The long awaited decision of the Full Federal Court of Australia in University of Western Australia v Gray was handed down yesterday. The decision adopted and endorsed French J's decision in the Federal Court at first instance, dismissing the University's claim that it owned a number of liver cancer treatment inventions in the field of targeted microsphere technology.
The Court's judgement is a strong pronouncement that because of the freedom to research university academics enjoy, as a matter of principle, employed academics own the intellectual property rights arising from the research free of any entitlement of the University. This principle can be displaced by express contractual obligations effecting an assignment of intellectual property arising from academic research to the University.
Dr Gray's role with the University
Dr Gray's history with the University was protracted. He was appointed Professor of Surgery at the University in 1985. He was a full time employee of the University in this capacity until 1997, and he resigned from the University in late 1999.
In 1997, Dr Gray assigned to Sirtex Medical Limited (another party to the proceedings) his patented inventions in the field of targeted microsphere technology for shares in the company. This company was subsequently floated on the ASX.
The University claimed that it beneficially owned Dr Gray's shares in Sirtex, and they should be transferred to it, and it sought against Sirtex and order that Sirtex transfer the Microsphere patents to the University.
The University's claim to ownership
The principle ground of the University's claim was that the law should imply into Dr Gray's contract of employment a term that the University owns the Microsphere patents, on a general principle that an invention developed by an employee as a result of research carried out or caused to be carried out by that employee in the course of employment belongs to the employer (so that the employee is a trustee of the invention for the employer). The University submitted that this type of term should be implied into any employment contract where the employee is engaged to solve technical problems, improve the employer's technology or undertake research.
The Full Court upheld the earlier findings that the University's earlier legislative attempts by way of "Patent Regulations" passed by the University Senate in 1971 to claim ownership of employee inventions were ineffective. They were an attempt to "appropriate property" to the University (and this could not be done constitutionally by regulations). This regulation could not be incorporated into staff contracts if it was not valid. New "IP Regulations" which may have impacted on Dr Gray's employment terms did not come into effect until after the Microsphere patents were assigned in 1997. This in part explained the University's reliance on the implication of a term into Dr Gray's employment contract.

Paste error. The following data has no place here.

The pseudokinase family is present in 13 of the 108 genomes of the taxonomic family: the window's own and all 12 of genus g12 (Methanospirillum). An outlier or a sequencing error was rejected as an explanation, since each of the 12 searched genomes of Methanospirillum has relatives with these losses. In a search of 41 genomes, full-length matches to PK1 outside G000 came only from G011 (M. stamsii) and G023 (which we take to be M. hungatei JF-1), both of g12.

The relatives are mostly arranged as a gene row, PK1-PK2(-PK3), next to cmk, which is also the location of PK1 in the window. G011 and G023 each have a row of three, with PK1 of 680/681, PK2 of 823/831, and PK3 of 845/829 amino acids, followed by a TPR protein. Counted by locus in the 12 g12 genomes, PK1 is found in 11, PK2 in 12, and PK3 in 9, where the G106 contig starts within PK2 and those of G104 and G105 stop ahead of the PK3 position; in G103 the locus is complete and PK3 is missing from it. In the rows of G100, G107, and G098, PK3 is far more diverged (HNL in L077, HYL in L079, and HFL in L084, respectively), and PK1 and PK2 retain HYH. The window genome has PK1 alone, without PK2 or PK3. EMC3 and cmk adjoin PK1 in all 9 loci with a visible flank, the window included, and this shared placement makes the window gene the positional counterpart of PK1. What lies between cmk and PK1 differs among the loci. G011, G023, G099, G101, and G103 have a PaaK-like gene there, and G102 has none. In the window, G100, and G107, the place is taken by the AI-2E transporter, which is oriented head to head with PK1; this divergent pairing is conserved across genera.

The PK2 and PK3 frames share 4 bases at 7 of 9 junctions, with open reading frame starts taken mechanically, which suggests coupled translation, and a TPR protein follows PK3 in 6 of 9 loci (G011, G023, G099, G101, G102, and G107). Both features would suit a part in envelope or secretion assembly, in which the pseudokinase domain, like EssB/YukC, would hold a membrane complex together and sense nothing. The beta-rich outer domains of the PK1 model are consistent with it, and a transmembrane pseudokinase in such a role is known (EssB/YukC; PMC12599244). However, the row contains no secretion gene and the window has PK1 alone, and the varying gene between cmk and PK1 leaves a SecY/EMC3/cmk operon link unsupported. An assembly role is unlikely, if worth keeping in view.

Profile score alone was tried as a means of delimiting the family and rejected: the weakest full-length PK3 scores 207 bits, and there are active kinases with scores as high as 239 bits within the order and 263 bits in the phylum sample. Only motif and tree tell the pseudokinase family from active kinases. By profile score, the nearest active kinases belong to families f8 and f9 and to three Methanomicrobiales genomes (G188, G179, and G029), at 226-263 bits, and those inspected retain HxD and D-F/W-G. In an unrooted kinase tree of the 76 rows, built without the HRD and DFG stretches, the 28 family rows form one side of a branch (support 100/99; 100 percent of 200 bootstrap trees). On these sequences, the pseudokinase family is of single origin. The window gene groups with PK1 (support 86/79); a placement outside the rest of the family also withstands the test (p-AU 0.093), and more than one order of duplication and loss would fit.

The Court's findings
The Full Court examined Dr Gray's employment environment at the University and identified these factors as the key indicia that the law would not imply that the University owned the fruits of Dr Gray's research:
- Dr Gray did not have any duty to invent under his contract. A duty to research and stimulate research was not tantamount to a duty to invent. This was notwithstanding that the research carried with it the possibility of inventions capable of patent protection
- Dr Gray had complete freedom to publish his research outcomes, regardless of the possibility that publication could destroy patentability of the inventions
- Dr Gray and his researchers were expected to solicit independent research funding, and they did with the devotion of great time and effort
- the collaborative nature of the research, involving external organisations and researchers, told against any agreed exclusive appropriation of the fruits of the research to one institution only.
However, most poignantly, the Court adopted French J's findings and comments that the specific freedom to publish and collaborative nature of academic research told against the asserted implication of ownership by the University. This freedom to publish was described by the Court as "an importance value in the setting of a university given its nature and publish purposes".
The employment of university academics was distinguished from other employees outside institutions where these features are not prevalent.
The Court urged universities determining similar competing claims of ownership to aim for a result that was "less crude and more fair and reasonable", and to adopt these measures by legislation or an express contractual regime.
- Most universities in Australia have comprehensive IP policies which are the measured and fair approach the Court counselled. However, the decision flags the potential that claims could be made to challenge policies which are not fair and reasonable and can be considered as appropriation of property.
- The typecasting of academics who invent as a special class of employee could be extended to other research institutions, especially those funded by the public purse. Unfettered freedom of publication and collaboration are key indicators of this potential.
- Third parties engaging in collaborative research with university academics and other public institutions should conduct due diligence to ensure that clear title to research outcomes can be achieved and seek appropriate warranties to cover this type of situation.
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